The Setting Every Community Up for Retirement Enhancement Act of 2019 (SECURE) Act made major changes to IRA RMD rules, pushing the age of onset from 70½ to 72. The SECURE Act 2.0 further increased this to age 73.
The SECURE Act also significantly changed some inherited IRA rules for non-spouse beneficiaries. Starting with those inherited after Jan. 1, 2020, the SECURE Act requires the entire balance of the participant’s inherited IRA account to be distributed or withdrawn within 10 years of the original owner’s death. The 10-year Rule applies regardless of whether the participant dies before, on, or after the required beginning date (RBD), the age at which they had to begin RMDs.
In other words, you must withdraw the inherited funds within 10 years and pay income taxes on the distributed amounts. Since withdrawals are required, you won’t pay the 10% penalty if you’re under 59½. But you must pay income taxes on the distributions and eventually empty the account.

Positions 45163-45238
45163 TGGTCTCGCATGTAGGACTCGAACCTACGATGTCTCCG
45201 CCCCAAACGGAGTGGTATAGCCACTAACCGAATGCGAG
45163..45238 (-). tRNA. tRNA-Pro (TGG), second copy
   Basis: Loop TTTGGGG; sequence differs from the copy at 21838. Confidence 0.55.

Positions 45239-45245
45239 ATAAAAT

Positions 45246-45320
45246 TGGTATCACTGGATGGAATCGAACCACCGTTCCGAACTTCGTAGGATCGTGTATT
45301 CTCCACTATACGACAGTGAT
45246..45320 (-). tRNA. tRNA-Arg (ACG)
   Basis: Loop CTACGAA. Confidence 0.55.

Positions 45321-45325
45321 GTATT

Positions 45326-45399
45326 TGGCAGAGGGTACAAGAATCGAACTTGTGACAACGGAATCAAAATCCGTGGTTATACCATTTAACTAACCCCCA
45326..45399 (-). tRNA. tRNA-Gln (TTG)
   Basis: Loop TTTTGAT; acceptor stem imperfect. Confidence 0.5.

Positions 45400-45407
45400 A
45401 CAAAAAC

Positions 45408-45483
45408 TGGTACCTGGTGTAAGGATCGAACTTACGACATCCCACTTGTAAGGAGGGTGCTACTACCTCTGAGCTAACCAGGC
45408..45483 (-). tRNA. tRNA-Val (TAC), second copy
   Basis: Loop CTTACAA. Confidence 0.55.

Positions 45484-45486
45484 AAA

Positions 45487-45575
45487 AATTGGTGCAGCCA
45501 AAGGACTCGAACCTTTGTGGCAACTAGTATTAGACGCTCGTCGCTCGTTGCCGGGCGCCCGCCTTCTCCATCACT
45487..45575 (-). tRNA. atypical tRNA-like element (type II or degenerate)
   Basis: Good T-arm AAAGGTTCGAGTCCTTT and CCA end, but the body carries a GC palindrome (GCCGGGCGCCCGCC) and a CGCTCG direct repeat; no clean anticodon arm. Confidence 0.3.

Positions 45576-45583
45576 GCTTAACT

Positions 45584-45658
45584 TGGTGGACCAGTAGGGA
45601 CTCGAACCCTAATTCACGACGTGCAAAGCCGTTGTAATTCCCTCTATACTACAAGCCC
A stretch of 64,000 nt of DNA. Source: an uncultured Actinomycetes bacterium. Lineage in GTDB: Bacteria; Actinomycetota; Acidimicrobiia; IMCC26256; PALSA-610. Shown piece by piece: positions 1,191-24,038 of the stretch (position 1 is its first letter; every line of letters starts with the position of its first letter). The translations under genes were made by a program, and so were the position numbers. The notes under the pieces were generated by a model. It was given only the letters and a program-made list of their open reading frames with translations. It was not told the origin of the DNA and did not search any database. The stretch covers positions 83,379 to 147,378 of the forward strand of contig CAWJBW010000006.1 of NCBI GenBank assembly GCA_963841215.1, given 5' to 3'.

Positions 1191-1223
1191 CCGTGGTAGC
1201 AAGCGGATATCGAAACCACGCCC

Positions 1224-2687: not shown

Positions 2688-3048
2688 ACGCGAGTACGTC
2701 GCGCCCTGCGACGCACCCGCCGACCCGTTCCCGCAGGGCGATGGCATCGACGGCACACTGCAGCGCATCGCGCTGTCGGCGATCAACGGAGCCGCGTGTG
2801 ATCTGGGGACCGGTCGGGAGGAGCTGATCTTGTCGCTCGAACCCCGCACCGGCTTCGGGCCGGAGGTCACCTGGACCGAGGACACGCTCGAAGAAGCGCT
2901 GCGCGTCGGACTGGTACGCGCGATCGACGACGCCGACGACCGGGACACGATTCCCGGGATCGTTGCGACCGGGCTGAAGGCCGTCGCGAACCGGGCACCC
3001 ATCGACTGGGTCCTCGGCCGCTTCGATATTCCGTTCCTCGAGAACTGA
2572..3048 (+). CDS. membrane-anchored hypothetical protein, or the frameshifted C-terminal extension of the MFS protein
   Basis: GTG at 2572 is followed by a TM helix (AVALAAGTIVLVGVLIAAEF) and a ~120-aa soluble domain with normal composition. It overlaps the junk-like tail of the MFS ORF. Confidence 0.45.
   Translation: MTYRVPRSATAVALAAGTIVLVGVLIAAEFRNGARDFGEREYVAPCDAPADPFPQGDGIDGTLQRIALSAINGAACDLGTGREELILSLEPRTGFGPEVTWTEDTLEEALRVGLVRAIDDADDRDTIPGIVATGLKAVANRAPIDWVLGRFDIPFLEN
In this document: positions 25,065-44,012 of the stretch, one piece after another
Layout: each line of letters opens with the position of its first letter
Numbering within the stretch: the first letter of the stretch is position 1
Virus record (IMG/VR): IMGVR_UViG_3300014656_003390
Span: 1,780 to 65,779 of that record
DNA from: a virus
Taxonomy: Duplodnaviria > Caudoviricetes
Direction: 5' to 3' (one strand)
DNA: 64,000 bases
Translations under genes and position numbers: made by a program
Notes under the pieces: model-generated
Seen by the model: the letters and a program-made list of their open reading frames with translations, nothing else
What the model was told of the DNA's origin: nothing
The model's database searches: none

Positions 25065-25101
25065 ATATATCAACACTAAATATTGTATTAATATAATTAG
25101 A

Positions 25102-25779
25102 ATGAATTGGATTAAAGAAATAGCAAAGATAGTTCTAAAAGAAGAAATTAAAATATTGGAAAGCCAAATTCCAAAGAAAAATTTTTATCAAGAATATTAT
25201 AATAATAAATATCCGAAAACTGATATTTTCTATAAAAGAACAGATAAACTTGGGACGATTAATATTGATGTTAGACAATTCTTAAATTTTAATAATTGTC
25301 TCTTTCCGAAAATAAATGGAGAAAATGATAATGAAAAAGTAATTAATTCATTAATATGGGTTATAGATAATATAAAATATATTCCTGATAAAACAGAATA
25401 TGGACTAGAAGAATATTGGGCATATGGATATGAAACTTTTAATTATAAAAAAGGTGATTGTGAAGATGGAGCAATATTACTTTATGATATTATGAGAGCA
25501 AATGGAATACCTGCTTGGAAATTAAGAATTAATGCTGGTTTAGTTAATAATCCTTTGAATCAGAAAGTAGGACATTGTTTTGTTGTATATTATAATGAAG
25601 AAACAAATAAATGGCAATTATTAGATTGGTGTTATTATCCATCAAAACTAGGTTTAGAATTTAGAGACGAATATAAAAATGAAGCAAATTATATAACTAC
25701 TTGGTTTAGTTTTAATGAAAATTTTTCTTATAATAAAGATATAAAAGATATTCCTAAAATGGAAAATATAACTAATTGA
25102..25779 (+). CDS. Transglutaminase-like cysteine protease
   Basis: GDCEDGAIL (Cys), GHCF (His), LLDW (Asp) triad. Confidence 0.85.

Exceptions to the 10-Year Rule
Some beneficiaries are exempted from the 10-year Rule. This exemption includes:
- A surviving spouse
- A disabled or chronically ill person
- A child who hasn’t reached the age of majority
- A person not more than 10 years younger than the IRA account owner2
These beneficiaries are not obligated to deplete the IRA within 10 years. They will likely take annual RMDs from it, where the exact amount can be calculated based on their life expectancy.
Beneficiaries have until Dec. 31, following the IRA owner’s death, to begin withdrawals. However, if the original account owner was required to take an RMD in the year they died but hadn’t yet, the beneficiary must take that RMD for them in that year, in the amount the deceased would’ve withdrawn.
Additionally, a surviving spouse beneficiary may delay the commencement of distributions until the end of the year when the original IRA owner would have begun taking RMDs or until the surviving spouse’s required beginning date.